Hiroyuki Kyushima, an engineer at Hamamatsu Photonics K.K. who helped create a particle detector that enabled physicist Masatoshi Koshiba to win the Nobel Prize in physics in 2002, has developed an ultra-small photomultiplier tube together with his fellow workers.

“This is a break-proof, ideal PMT with functions comparable to those of the Super-Kamiokande,” Kyushima, 56, said.

The original Kamiokande, short for the Kamioka Nucleon Decay Experiment neutrino physics laboratory, was built underground near the Kamioka section in the city of Hida, Gifu Prefecture, in the early 1980s under the leadership of Koshiba, 87, a professor of physics at the University of Tokyo at the time.

For the project, Koshiba asked Hamamatsu Photonics to develop a PMT with a diameter of 50 cm, the largest in the world.

A PMT is a highly sensitive optical sensor in a vacuum tube with a photoelectron surface that emits negatively charged electrons, a multiplier that accelerates electrons for their collision to create a stream of more electrons, and an electrode to accept the flow.

Assigned to the task, Kyushima and his supervisor, Masuo Ito, 67, made a full-size model and filled it with water. They set up an aluminum board in the model to play the role of a photoelectron surface and energized the board. When a needle was inserted into the water, it moved by electricity, enabling them to examine how electrons moved.

Through trial and error, including delicate adjustments added to the curve of the board, Kyushima and Ito developed a photoelectron surface with a shape matching Koshiba’s request, and Hamamatsu Photonics developed a PMT based on the model.

Having 1,000 such PMTs lined up in a tank containing 3,000 tons of water, the Kamiokande observed thermal neutrinos that were produced by a supernova roughly 160,000 light-years away and arrived at the Earth in 1987. Koshiba won the 2002 Nobel Prize in physics for the achievement.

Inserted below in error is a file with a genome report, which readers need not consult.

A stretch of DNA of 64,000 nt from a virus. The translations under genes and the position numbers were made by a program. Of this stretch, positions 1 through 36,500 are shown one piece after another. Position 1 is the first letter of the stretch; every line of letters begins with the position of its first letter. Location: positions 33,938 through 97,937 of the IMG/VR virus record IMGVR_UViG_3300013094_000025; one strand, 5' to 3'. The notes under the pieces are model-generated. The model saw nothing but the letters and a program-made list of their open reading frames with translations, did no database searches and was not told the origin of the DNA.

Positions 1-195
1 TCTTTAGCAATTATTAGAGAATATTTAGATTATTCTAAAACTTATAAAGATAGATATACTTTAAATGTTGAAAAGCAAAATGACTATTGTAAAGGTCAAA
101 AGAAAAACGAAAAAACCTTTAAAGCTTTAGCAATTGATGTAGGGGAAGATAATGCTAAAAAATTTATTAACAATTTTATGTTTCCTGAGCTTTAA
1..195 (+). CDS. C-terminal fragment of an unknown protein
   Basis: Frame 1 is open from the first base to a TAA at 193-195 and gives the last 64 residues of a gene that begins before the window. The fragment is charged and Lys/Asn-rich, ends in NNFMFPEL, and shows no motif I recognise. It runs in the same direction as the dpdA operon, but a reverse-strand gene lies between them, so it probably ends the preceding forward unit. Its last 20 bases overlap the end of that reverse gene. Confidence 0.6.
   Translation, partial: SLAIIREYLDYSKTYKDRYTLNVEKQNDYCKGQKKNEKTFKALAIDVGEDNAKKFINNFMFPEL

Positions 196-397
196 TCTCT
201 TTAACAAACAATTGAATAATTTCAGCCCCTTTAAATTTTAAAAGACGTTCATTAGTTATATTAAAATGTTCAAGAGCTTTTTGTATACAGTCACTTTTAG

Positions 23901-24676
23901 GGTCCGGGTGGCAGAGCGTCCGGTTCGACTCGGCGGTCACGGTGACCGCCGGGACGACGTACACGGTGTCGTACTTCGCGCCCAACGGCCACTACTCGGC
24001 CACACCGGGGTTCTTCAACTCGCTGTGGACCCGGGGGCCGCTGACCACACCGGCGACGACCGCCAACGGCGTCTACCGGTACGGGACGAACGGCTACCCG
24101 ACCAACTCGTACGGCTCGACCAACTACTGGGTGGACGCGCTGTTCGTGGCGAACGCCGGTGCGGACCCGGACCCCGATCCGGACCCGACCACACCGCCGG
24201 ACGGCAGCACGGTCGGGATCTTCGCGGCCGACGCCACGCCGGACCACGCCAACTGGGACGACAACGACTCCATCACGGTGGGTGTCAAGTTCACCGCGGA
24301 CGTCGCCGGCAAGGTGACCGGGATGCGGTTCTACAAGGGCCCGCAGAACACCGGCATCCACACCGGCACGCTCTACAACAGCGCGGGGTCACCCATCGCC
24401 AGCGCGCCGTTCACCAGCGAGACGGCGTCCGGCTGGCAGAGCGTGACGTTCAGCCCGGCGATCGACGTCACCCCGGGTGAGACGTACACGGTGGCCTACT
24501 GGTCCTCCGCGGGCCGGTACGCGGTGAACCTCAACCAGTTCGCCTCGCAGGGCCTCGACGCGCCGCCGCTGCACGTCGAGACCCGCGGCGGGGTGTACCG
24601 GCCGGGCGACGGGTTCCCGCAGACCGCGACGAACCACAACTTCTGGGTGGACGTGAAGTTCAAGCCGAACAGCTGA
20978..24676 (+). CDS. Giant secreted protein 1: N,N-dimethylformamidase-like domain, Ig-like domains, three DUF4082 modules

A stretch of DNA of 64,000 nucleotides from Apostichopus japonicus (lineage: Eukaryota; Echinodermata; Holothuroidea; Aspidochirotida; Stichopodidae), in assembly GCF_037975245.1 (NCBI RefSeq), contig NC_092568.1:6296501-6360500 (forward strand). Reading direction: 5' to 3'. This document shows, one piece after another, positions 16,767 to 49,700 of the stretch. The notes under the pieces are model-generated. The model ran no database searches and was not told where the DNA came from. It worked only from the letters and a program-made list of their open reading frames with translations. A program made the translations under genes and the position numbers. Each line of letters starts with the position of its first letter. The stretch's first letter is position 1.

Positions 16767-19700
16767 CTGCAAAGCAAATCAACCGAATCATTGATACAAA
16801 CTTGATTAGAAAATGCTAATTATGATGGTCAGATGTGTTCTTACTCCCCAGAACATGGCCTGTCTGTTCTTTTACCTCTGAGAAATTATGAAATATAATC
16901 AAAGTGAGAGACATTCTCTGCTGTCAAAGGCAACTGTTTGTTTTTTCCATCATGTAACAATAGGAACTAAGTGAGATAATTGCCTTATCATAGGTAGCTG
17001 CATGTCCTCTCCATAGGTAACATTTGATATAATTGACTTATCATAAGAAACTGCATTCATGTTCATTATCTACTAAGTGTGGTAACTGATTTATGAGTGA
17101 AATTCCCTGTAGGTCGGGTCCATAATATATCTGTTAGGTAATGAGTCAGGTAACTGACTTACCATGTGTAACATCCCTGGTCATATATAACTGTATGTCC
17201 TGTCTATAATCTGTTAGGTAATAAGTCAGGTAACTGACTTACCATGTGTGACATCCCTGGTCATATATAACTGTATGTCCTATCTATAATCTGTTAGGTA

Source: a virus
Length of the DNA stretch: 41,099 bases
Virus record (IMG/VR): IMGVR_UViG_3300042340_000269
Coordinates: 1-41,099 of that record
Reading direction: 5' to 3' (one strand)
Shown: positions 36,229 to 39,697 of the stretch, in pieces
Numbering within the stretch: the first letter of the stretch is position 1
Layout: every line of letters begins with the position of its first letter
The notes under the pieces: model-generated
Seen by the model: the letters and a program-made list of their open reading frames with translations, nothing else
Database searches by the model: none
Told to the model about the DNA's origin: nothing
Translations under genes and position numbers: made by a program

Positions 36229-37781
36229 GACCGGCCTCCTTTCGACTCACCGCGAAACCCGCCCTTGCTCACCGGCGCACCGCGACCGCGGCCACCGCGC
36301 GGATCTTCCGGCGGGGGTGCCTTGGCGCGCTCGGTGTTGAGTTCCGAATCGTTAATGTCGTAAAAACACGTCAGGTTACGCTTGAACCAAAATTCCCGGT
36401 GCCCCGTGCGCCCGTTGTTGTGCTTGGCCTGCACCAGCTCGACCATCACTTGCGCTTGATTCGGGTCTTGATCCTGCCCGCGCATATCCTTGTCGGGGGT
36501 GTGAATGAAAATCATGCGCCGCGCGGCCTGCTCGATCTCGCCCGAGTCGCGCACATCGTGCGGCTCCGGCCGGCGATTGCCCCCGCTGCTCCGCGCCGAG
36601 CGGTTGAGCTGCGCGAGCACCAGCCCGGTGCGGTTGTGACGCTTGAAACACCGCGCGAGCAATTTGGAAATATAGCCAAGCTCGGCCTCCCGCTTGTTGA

Born in Hamamatsu, Shizuoka Prefecture, Kyushima was intrigued by electricity when he was a small boy, wondering “why an invisible power can move things,” he recalled.

Kyushima graduated from a local high school in 1975 and joined a small company that would develop into Hamamatsu Photonics, a renowned optical technology company. Like many other plant workers, Kyushima studied at the junior college of technology in Shizuoka University after working for three years.

After the Kamiokande triumph, Kyushima took charge of developing a PMT for the Super-Kamiokande, which replaced the Kamiokande in 1996.

The Super-Kamiokande is “incomparably more advanced than the Kamiokande thanks to extremely solid work” by Kyushima, said Atsuto Suzuki, 67, director general of the High Energy Accelerator Research Organization and one of Koshiba’s disciples.

Kyushima now heads a team of some 90 engineers at a Hamamatsu Photonics plant in Iwata, Shizuoka Prefecture, that has developed a fingertip-size PMT.

While PMTs are usually hand-made, the new “Micro PMT” is the world’s first device for mass production and is expected to be applicable to medical equipment.

“We’ve taken 13 years to develop (it) since we conceptualized it,” Kyushima said, adding that his greatest pleasure is to develop an idea into the first-ever product of its kind.

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